How many of you do your Somatic Exercises and learn to eliminate your primary muscle pain complaint, only to have it begin to creep back up on you several months later?
It would be great if we could “fix” ourselves permanently – do our Somatic Exercise practice daily and never again develop back pain, hip pain or neck pain. However, the nervous system doesn’t work that way. We are not a machine that can be recalibrated once every five years.
We are an internally experienced, constantly changing system that adjusts and adapts to every piece of information and feedback in our environment. These often unconscious events occur on a second-by-second, minute-by-minute, and day-by-day basis – some of them we’re aware of, and others we’re not. What we can do today may be slightly different from what we can do tomorrow depending upon what is happening in our lives. This is why, when we teach Somatic Exercises (which are pandiculations of common movement patterns and stress reflexes), we ask the question, “does the cat or dog ever stop pandiculating?” No. Every time they get up from rest they lengthen their limbs and shake off the tension.
Hanna Somatics teaches us to be aware of and to unlearn our movement habits (hunching over a computer at work), and our mental and emotional habits. Movement habits make sense, but why our mental and emotional habits? Put simply: what’s going on in your head is mirrored in your body, whether you realize it or not. The Red Light Reflex is a symptom of stress and worry (tight belly, shallow breathing), which can lead to back , shoulder, and hip pain if ignored.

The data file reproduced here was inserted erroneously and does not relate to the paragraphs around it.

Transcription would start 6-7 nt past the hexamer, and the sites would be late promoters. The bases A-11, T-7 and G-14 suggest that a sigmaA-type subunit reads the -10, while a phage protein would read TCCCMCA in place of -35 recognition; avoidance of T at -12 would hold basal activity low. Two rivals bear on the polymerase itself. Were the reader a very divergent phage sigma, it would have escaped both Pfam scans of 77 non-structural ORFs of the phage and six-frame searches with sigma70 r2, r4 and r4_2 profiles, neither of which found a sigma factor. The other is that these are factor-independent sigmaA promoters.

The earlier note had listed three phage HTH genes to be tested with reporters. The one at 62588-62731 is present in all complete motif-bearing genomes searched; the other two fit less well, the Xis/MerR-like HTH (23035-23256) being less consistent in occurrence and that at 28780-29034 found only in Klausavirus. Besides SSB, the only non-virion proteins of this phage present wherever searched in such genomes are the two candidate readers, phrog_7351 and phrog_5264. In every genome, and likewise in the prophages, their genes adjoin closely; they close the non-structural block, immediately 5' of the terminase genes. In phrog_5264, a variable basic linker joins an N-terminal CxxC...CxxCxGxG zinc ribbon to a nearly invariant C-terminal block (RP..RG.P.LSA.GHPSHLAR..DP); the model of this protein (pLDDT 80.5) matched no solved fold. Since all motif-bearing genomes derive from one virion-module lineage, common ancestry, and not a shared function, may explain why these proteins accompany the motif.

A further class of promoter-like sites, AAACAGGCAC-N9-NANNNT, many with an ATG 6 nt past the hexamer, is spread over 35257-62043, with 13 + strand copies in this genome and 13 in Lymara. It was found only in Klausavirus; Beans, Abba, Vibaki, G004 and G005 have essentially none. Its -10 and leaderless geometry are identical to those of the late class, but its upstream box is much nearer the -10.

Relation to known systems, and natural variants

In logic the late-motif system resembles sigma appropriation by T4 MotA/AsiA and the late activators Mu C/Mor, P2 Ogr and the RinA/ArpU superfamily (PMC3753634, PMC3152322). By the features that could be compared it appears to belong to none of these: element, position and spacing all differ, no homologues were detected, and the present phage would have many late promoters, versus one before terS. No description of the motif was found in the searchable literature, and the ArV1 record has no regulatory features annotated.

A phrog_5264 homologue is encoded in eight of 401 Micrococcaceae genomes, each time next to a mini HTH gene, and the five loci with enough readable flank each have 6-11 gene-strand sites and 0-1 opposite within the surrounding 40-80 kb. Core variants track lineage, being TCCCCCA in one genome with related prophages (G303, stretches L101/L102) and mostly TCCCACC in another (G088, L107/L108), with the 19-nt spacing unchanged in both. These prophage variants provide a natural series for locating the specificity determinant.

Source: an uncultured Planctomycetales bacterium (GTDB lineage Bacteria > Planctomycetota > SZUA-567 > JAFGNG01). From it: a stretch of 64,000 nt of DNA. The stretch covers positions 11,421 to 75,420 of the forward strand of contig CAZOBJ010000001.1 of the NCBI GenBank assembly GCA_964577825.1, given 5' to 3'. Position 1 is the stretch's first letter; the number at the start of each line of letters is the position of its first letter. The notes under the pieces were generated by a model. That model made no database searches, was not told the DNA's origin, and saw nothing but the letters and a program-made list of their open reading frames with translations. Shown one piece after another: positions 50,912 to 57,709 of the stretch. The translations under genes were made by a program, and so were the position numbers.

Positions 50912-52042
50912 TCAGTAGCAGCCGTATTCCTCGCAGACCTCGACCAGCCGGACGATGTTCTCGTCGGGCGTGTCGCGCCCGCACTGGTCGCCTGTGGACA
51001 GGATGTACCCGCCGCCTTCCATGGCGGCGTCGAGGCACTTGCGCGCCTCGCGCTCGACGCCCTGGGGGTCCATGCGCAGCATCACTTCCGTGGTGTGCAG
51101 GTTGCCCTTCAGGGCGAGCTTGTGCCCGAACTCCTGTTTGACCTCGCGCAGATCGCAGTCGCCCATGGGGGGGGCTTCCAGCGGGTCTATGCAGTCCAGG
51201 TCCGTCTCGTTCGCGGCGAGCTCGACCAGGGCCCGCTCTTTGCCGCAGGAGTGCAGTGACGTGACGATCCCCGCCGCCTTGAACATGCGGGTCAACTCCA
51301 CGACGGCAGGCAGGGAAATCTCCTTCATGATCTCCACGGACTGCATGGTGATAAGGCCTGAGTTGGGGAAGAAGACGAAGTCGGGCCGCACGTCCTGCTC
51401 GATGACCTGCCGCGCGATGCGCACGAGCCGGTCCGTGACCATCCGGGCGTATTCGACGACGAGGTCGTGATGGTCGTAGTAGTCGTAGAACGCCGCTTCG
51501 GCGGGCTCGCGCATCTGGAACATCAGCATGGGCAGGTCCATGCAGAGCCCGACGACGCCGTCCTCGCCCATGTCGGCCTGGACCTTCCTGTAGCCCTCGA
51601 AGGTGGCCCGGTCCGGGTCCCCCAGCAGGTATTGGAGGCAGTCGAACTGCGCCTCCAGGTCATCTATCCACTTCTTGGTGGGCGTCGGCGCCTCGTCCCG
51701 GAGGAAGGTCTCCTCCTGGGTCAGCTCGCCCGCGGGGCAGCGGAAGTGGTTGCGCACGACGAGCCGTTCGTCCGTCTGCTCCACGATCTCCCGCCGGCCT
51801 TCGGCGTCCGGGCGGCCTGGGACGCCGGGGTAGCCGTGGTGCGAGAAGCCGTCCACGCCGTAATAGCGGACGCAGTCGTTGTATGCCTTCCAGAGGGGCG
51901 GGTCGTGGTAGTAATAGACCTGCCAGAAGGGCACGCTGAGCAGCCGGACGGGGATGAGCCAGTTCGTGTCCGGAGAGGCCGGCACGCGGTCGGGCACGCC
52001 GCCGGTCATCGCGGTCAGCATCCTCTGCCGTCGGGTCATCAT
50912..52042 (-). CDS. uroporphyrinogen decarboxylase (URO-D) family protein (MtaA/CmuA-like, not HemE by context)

Stress responses can cause muscle pain to return if you are not careful.
During periods of stress your deepest reflexive responses to stress will be the first thing to return in full force. It is the “path of least resistance” for your brain – a familiar habit. You may begin to slump and stop breathing deeply (Red Light), or tighten your back as if ready to run (Green Light), or tilt slightly to one side (Trauma). Often the reflex simply occurs in response to your stress. For example, you learn to eliminate muscle pain that developed due to compensation from an accident. You go about your life, yet you slip down the stairs and now your hip is hurting as it did before. This is not uncommon. What you choose to do about it is what matters.
For some people, given the knowledge and awareness they have from their daily Hanna Somatics practice, they can bounce back quickly and say, “oh yeah, I know what to do and what to be aware of.” For others it’s as if they have to start from scratch again. They forget that the answer lies within their own brain.
When I am particularly stressed I tend to slump to the right or tighten my right hip when I walk. When I encounter these stressful periods I need to do my Somatic Exercises more than ever, and find ways to include some standing “reach to the top shelf,” “diagonal reaches,” (all from my book) or any other “movement snacks” into my day.
Remembering to do your somatic movement daily is as important as brushing your teeth, eating healthy food or getting enough sleep. When stress increases, so does muscle tension. Constant elevated muscle tension means that your muscles aren’t getting enough oxygen or blood. Tight muscles are tired, painful muscles. This is your canary in the mineshaft.
Stress won’t go away; it is a part of life. What matters is whether you know yourself well enough that you can sense your own reflexive responses to stress (mental, emotional, physical or otherwise) and whether you take the time necessary to regain voluntary control over yourself, your muscles and by extension, your life.
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